I actually agree with you that it might be unreasonable to tell someone not to take something personally: all sorts of things can be personally upsetting to people, sometimes reasonably so. But suppose that you and some other people are discussing something that I find too emotionally intense to reason about impartially. The whole thing just makes me uncomfortable. I feel that I should be free to walk away from that discussion, or even (supposing the people involved have already agreed to spend the afternoon in philosophical conversation on whatever topic turns out to be of interest) to request that we stick to other topics for the next hour or two, so that we can all enjoy our time together.

But what if you and other people want to talk about something on your own, and I don’t feel comfortable discussing it? Or what if you want to talk about it with anyone who is willing to discuss it? Could I rightly prevent you from doing so, if I’m not compelled to be involved? Suppose that my Jack character belongs to a not-very-popular religion, and finds it personally insulting that anyone would question that religion. If Susan wants to write a philosophical article critically assessing those religious beliefs, and Jack finds that so profoundly offensive that he feels uncomfortable attending a philosophy conference that Susan or anyone who likes her article attends, should we take his complaint about this seriously and join in when he blames Susan for his lack of involvement, even on conversations of different topics?

This seems to me to give an extraordinarily powerful veto power to anyone with enough social sympathy to pull that move. Except in some really extraordinary circumstances, if even then, I think the proper reaction in such cases is just to choose not to join the conversations you don’t think you can handle in a philosophical spirit.

Derek Bowman
Derek Bowman
Reply to  Justin Kalef
27 days ago

Justin,

Though we no doubt still disagree, I’m not sure how far apart we actually are on this issue. All I’ve tried to do here is identify an additional dimension of moral and pragmatic consideration that I think is often missing from the sort of defense of philosophical norms that Heath gives. I don’t think the result of taking that dimension into account will be any sort of universal prohibition of topics or styles of discourse. Indeed, I don’t think the result will be any simple universal rule at all.

The reason I don’t think we’re that far apart is that the series of questions and scenarios you offer are clearly designed to track some of the contextual and interpersonal dimensions that will go into determining when it is and isn’t appropriate to engage in this mode of discourse on a particular topic.

As your questions show, sometimes we might simply face a choice between either excluding someone from the conversation or constraining our choice of topics and/or modes of inquiry on that topic. Which choice we should make will depend on all sorts of things, including our relationships to one another. It will also depend on the topic and our purpose in coming together to discuss it.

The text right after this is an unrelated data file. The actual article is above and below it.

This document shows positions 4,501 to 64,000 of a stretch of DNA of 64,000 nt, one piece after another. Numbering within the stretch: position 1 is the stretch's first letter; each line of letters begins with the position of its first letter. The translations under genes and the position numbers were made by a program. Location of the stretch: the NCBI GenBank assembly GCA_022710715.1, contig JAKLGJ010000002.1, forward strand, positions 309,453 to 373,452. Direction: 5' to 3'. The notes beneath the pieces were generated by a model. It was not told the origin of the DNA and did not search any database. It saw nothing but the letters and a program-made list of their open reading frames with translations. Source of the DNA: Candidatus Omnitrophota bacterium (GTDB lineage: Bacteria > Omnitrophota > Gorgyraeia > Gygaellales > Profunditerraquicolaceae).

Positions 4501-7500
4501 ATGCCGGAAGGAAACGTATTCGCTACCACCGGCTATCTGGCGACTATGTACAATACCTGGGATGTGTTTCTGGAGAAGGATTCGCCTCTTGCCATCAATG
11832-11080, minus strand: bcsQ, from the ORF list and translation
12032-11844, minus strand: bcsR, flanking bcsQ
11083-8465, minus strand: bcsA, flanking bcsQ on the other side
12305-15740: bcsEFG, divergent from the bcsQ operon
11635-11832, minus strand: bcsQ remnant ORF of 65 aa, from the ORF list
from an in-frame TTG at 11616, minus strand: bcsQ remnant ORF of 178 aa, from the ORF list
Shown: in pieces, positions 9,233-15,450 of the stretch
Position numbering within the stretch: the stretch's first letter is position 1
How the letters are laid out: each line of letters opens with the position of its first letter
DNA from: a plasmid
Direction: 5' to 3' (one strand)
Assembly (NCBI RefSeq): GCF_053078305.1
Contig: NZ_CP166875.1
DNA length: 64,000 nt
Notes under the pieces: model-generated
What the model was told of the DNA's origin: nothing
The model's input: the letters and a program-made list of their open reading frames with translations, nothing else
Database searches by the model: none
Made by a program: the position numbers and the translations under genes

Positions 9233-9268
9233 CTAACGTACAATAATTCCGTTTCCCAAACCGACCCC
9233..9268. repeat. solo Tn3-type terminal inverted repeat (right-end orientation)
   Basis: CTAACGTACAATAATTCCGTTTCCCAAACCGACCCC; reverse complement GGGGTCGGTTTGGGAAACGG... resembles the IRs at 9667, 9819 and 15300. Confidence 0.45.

If you’re my student, I might first seek ways to signal my uncompromising respect for you as a full member of the classroom and campus community, and my commitment to ensuring that other students treat you with similar respect during our discussion. If I can effectively signal that commitment, I might be able to include you in our discussion, and we might all benefit from insights connected your personal stake in the matter. (I would again recommend the Eidelson piece I linked above for a discussion of the dangers and difficulties of this.)

If I can’t do that, and the topic is one that is ancillary to the point of the class, I might instead redirect the conversation, saying that we should get back on topic, or indicating that it’s an important topic but one we don’t have the capacity to properly set up and discuss in this context.

If the topic is one closer to the core purpose of the class, I’d have to instead figure out whether there was a way to let you opt out of this one discussion, or whether I had to tell you this class just isn’t for you. That would be a pretty tough call to make, but in some cases it might be the right call.

And we’d have similar choices to make, with different contours, if we’re talking about a friend group, an online forum, a reading group, an academic department, or other tightly or loosely defined communities and activities.

What we can’t do is simultaneously pretend that being philosophers exempts us from being concerned with the social dimensions of our mode of discourse, then complain about the social response to our philosophizing in that way.

Last edited 27 days ago by Derek Bowman
Daniel C
Daniel C
1 month ago

Professor Heath’s article also mentions our general norm of charity which provides backing for these three minor norms. Philosophers learned through the millennia that debates are just more productive when charity is granted. This is an insight we should teach the folk. And doing so would earn us more elbow room to do substantive philosophy from there. An obstacle is that charity naturally flows from trust, and there is a trust recession with several causes.